geoff_184 wrote:Except the Taupo and Waipa mills would only get you a train a day, which falls well short of justifying the cost of construction.
This is not the only traffic that the line would carry, it would carry log trains as well. There would also be traffic from the Fonterra dairy factory at Reporoa.
geoff_184 wrote:Would the economics stack up? The transhipping costs/time, and the dog leg of Kinleith-Rotorua-Taupo (double the direct distance) seems very cumbersome to me. If the freight is already on a truck to Taupo, it may as well keep going to Auckland instead of going in a different direction to get to a transshipping point, to then start a slow train to Auckland. You would struggle to provide an overnight service, whereas the trucks would do it easily.
I really don't think tonnage levels would justify building a multi billion dollar line in this day and age. The ship has sailed on building new inter-regional railways in this country.
The route of the line is longer than a direct line between Kinleith and Taupo because it is following a route that serves Rotorua and other industries between Rotorua and Taupo that a direct line from Kinleith to Taupo would not serve. A direct route south from Kinleith would encounter difficult terrain and would requite two bridges over the Waikato River. The route via Waipa and Reporoa involves much easier terrain and would be much more suitable for heavy log trains, which the current Rotorua Branch is not suitable for.
Freight between Auckland and Hawkes Bay could quite easily be transported overnight by rail with truck transfer at Taupo, there is more than sufficient time. A freight train would probably take around five to five and a half hours to get from Auckland to Taupo, then two hours between Taupo and Napier.
Operating one line over a longer (and less steep) route is more efficient and cost effective than operating seperate branch lines - obviously not viable with the current Rotorua Branch.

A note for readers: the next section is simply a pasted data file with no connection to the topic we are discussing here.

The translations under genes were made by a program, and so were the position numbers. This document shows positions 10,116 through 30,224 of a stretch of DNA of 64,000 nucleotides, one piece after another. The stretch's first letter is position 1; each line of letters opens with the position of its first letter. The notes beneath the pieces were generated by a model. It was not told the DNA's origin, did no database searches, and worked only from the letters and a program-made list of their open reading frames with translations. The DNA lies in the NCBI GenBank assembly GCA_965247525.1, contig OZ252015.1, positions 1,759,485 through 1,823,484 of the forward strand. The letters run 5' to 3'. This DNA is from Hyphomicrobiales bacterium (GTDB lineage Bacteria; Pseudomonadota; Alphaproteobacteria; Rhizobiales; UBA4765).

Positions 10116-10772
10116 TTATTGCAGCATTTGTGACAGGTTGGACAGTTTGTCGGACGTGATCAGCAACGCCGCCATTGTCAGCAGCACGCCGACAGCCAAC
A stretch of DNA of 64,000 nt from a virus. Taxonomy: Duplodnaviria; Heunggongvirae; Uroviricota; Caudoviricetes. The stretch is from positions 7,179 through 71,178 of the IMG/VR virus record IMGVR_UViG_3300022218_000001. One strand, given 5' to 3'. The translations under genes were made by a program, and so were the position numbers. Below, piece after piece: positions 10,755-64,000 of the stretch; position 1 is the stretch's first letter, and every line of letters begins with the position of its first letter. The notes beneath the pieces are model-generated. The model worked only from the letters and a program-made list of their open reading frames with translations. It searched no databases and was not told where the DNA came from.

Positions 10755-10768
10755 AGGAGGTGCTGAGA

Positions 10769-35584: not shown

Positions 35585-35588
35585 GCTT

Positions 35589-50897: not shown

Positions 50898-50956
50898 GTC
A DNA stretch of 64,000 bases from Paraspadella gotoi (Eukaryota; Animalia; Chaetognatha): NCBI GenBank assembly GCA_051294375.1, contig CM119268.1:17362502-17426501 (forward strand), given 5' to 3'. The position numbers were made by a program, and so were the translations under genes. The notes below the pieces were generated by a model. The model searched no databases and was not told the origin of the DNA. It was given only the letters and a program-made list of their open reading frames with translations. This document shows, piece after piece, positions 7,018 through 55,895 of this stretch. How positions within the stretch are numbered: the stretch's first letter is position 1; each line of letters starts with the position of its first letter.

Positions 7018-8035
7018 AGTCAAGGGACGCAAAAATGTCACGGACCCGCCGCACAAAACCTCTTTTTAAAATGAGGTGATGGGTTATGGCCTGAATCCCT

It is also about economies of scale, one freight train can carry considerably more freight more efficiently than multiple trucks, even if it does take longer - which is not an issue for an overnight service.
Then there is all the other factors with a freight train verses multiple large heavy trucks on the roads - fuel usage as oil prices increase, road wear and tear, road crashes involving trucks; the noise, vibration and fumes inflicted on communities with large numbers of trucks passing through them, not to mention pedestrian safety (eg school children attempting to cross busy roads with large numbers of trucks travelling along them).
Having Rotorua and Taupo linked along one line would also enable a high quality Tranz Scenic service to be established between Auckland Hamilton Rotorua Taupo, linking these major popular tourist centres with the main entry point for tourists in Auckland. Yes, the train may be slower than a coach along this route, but it is not a race between coach and train between point A and B, it is about the journey and a quality experience - and this is what many wealthy tourists want and are willing to pay for, and consequently this is what Tranz Scenic train journeys are about now - a high quality train experience. Rotorua and Taupo are popular destinations and there is a market there for tourists who are willing to pay a premium fare to get to places like Rotorua and Taupo in comfort eg new AK Premier carriages. The line just needs to be built to these centres.
Both Rotorua and Taupo are large growing forestry and tourism centres, a line from Kinleith linking them both would be viable and would be well used in this day in age. Forestry traffic is ideal for rail, general freight and passenger traffic would complement it in these regions. The line would pay for itself in time with the traffic it would carry, and the investment that the Government would have made in funding the line, will return to them in the form of dividends from KiwiRail in the years to come.